The paper also offers a useful but brief survey of what we know about ethnic diversity and social capital.  Here is an earlier ungated copy (pdf).

Here is the latest:

Google is sufficiently confident about its technology that its staff have discussed launching a fully autonomous taxi service in Mountain View as soon as next year, according to people familiar with the company’s thinking. The service may initially be restricted to Google employees, which might get around any legal and regulatory issues. Google has already run some tests with employees who are trained drivers.

I enjoyed this bit too:

Yet real life brings surprises no-one can anticipate. Last year, a Google car rounded a corner to find a woman in an electric wheelchair chasing a duck with a broom in the middle of the road. “We’d never tested the car against a woman and a duck,” Mr Urmson says, “and it was able to understand this was unusual, slow down, let that thing play out and then get on its way.”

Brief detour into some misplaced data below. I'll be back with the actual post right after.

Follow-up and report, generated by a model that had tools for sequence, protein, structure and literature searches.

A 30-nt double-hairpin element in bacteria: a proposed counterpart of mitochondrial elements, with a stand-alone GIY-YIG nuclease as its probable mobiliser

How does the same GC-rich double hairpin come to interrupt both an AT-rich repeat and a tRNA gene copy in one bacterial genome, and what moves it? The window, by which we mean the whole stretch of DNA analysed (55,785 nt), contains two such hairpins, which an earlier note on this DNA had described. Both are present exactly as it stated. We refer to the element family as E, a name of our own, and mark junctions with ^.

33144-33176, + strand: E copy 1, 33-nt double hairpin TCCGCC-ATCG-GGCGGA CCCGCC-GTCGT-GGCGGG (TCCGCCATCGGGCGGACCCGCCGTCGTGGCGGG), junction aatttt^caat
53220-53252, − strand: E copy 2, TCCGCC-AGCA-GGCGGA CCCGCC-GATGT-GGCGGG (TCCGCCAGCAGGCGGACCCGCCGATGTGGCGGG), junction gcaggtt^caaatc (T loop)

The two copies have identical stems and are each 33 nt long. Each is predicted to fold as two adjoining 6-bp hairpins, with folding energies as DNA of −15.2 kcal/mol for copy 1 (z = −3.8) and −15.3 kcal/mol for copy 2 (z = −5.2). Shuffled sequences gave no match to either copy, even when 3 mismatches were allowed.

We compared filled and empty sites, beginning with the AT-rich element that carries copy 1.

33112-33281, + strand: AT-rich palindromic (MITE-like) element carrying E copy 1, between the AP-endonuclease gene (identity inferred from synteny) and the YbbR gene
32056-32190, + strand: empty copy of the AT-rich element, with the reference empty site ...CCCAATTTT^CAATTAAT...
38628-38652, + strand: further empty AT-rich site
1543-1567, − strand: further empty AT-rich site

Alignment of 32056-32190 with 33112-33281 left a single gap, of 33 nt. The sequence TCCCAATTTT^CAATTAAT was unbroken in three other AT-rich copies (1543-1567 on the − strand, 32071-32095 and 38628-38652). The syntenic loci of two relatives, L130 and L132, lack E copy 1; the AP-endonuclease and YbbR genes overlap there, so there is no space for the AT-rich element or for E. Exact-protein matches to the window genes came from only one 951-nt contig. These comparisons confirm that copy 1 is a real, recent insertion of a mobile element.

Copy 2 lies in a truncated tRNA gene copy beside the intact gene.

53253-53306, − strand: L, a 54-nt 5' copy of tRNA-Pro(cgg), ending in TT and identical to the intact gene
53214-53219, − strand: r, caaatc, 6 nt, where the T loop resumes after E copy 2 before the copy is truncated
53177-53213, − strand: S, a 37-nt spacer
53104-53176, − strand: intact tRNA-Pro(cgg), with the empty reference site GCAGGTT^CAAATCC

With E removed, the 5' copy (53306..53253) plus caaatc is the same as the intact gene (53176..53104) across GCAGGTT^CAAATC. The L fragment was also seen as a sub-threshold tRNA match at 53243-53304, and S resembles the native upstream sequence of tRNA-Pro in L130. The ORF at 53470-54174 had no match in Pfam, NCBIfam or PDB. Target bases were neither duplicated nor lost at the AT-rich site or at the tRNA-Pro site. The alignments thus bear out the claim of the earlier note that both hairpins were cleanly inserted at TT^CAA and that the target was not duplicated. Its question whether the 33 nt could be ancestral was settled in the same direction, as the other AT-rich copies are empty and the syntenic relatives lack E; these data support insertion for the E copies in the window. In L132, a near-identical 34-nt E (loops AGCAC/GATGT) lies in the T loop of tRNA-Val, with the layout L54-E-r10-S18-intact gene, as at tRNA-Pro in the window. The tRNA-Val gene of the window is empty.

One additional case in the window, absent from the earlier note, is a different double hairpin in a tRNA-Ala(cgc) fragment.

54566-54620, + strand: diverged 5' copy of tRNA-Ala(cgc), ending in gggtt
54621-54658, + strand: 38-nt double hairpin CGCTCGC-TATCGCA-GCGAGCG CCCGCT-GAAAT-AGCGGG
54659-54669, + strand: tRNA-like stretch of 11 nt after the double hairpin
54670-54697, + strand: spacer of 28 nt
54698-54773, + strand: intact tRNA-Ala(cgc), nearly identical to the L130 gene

Here is the Tim Bradshaw FT piece, and for the pointer I thank Michael Gibson.  And Ted Craig sends me this:

General Motors Co. and Lyft Inc. will begin testing a fleet of self-driving Chevrolet Bolt electric taxis on public roads within a year, a move central to the companies’ joint efforts to challenge Silicon Valley giants in the battle to reshape the auto industry.

And here is Viv, which is supposed to be better than Siri.  And here:

A robot is being designed to compete with 12th graders during the college entrance examination in 2017 and get a score qualifying it to enter first-class universities in China, according to Huaxi Metropolis Daily.

The robot will not be connected to the internet.  And from the world of photography, here are robot portraits.  And yet more from the FT:

US researchers have developed what they say is the world’s first surgical robot that can outperform human surgeons when operating autonomously on soft tissues such as intestines, paving the way for clinical trials.

Or this:

Airbus is working with French and Japanese researchers to develop humanoid robots able to work alongside humans on its assembly lines and inside aircraft, in what would be a step change in the use of industrial robotics.

That is a lot of robot news for a day and a half.